Nissan Unsure Whether to Re-Introduce New Infiniti Q Flagship Sedan
By Chris Haak
The Infiniti Q45, which had been Infiniti’s US flagship since the brand’s US introduction nearly 20 years ago, ceased production in 2006 (a 2006 Q45 is pictured at left). The car was expensive and didn’t offer significant value over the slightly smaller and far less expensive M45 sedan (a 2006 Q45 started at almost $59,000, while a 2008 M45 starts just over $60,000). Many people (myself included) probably also believe that the M45 (pictured below) is a more attractive vehicle than the 2006 Q45 was, as well.
US Infiniti dealers have been pining for a new-generation Q. The chairman of Infiniti’s national dealer council, Peter Wilson, is convinced that a flagship will come, but doesn’t know what form the vehicle will take. Mark Igo, general manager of Infiniti North America is also among the proponents of bringing back the Q.
There are two major obstacles to building a new Q. The first is Nissan Motor Co. CEO Carlos Ghosn, who has gone on record saying that he isn’t convinced that Infiniti needs a Q45. Ghosn is also a very dollars-and-cents oriented manager, so if there is not a strong business case for a new Q, it won’t be built.
The second obstacle is actually even more difficult to overcome: Infiniti, which was once a US-only brand, is going global. A new Q sedan no longer has to meet the needs and expectations of US consumers, but now has to satisfy customers in China, Russia, and several European markets. In China, for example, a flagship vehicle is expected to be used as a limousine with a driver. In the US, it would be expected to be large and comfortable, but still have adequate power and an engaging driving experience. Europeans would probably expect the top-of-the-line Infiniti to be smaller than Americans would, with firmer suspension capable of unrestricted Autobahn speeds.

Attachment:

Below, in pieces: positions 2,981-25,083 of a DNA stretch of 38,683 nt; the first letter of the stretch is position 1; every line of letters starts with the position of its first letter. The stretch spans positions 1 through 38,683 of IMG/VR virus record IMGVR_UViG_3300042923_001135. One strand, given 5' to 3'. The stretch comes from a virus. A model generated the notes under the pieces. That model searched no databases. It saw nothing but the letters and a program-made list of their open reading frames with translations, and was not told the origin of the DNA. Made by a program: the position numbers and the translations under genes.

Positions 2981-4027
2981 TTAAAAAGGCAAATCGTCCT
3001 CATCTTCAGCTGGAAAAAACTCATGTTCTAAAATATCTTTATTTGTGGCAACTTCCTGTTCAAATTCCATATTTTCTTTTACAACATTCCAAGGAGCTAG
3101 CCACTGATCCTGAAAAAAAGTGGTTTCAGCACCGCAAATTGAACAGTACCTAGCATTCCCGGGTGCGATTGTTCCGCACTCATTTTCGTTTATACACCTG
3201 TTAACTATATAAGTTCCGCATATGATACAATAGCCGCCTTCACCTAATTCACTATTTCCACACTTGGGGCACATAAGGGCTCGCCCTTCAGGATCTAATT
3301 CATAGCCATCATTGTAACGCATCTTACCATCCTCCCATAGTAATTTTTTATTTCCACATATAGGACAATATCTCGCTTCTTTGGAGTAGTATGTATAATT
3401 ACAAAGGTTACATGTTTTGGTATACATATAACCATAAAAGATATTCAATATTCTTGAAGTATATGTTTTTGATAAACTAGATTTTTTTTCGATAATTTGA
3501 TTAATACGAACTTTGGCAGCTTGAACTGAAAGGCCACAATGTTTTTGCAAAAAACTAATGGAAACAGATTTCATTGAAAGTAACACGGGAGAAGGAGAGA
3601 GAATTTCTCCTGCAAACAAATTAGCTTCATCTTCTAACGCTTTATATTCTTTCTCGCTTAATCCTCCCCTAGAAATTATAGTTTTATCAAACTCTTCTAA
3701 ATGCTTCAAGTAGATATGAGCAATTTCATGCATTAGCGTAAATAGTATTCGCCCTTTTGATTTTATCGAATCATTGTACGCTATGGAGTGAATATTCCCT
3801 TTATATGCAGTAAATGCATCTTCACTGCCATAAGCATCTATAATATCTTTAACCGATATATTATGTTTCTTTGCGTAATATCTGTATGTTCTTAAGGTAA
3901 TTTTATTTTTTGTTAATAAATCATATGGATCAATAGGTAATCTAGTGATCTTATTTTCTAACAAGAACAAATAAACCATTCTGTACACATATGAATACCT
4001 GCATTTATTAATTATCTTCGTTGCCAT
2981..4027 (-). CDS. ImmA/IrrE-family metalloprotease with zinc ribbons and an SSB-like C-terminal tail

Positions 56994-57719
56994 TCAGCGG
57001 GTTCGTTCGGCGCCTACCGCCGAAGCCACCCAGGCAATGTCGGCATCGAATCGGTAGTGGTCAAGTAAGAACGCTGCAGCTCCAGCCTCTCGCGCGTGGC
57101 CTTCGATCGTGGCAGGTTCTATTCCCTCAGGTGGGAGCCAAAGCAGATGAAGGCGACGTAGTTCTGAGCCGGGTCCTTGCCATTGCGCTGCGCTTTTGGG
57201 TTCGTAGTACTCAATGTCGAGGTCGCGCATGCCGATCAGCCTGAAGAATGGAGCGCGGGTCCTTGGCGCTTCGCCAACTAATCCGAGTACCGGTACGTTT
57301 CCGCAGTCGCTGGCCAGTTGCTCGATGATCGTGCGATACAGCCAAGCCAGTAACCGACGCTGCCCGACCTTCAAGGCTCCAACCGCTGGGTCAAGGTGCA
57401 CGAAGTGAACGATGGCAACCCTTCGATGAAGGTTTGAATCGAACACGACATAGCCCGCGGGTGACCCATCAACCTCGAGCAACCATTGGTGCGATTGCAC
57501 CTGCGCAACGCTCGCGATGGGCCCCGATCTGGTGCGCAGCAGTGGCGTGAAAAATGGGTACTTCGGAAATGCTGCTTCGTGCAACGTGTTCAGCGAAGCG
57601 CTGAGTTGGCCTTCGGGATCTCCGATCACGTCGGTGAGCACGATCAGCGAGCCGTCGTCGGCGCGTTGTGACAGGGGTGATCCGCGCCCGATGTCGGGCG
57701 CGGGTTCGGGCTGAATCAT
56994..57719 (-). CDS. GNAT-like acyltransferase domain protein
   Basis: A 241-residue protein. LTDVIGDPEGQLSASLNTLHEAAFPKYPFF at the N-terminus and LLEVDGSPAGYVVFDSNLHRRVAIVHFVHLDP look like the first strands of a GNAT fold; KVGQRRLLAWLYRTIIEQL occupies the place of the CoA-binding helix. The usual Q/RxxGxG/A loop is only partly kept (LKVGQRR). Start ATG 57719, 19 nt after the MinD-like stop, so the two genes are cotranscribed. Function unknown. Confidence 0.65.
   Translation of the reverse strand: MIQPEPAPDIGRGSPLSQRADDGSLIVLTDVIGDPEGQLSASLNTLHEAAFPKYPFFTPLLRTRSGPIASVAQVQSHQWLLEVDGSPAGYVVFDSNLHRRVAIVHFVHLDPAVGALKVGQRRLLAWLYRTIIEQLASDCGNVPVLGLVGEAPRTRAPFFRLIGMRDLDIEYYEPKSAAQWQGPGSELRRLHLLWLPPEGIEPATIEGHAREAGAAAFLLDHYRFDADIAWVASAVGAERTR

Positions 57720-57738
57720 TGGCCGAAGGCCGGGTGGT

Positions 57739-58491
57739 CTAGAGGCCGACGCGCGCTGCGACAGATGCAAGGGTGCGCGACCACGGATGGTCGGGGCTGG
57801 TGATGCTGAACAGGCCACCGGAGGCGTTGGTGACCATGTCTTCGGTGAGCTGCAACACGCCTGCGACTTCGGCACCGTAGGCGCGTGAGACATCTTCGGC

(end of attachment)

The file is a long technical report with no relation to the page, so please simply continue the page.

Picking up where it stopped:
I rode in a 1990 Q45 (pictured at left) when they were first introduced, and it was an awesome machine. Unfortunately, Infiniti’s oddball launch strategy of showing rocks and trees instead of the car led to relatively poor sales. Nissan’s response was to soften the Q45’s driver-friendly persona into a softer, more traditional luxury car. The 2006 Q45 looks like a Buick Lucerne (although the Q45 was out first), but that should not be the styling peer of your brand’s flagship. Infiniti should make a performance luxury sedan, something along the lines of a BMW 7-Series, but for less money. Add a long-wheelbase model for overseas markets where the car will be used as a limousine, and it should be a formula for the low-volume success that Infiniti would seek from such a model.
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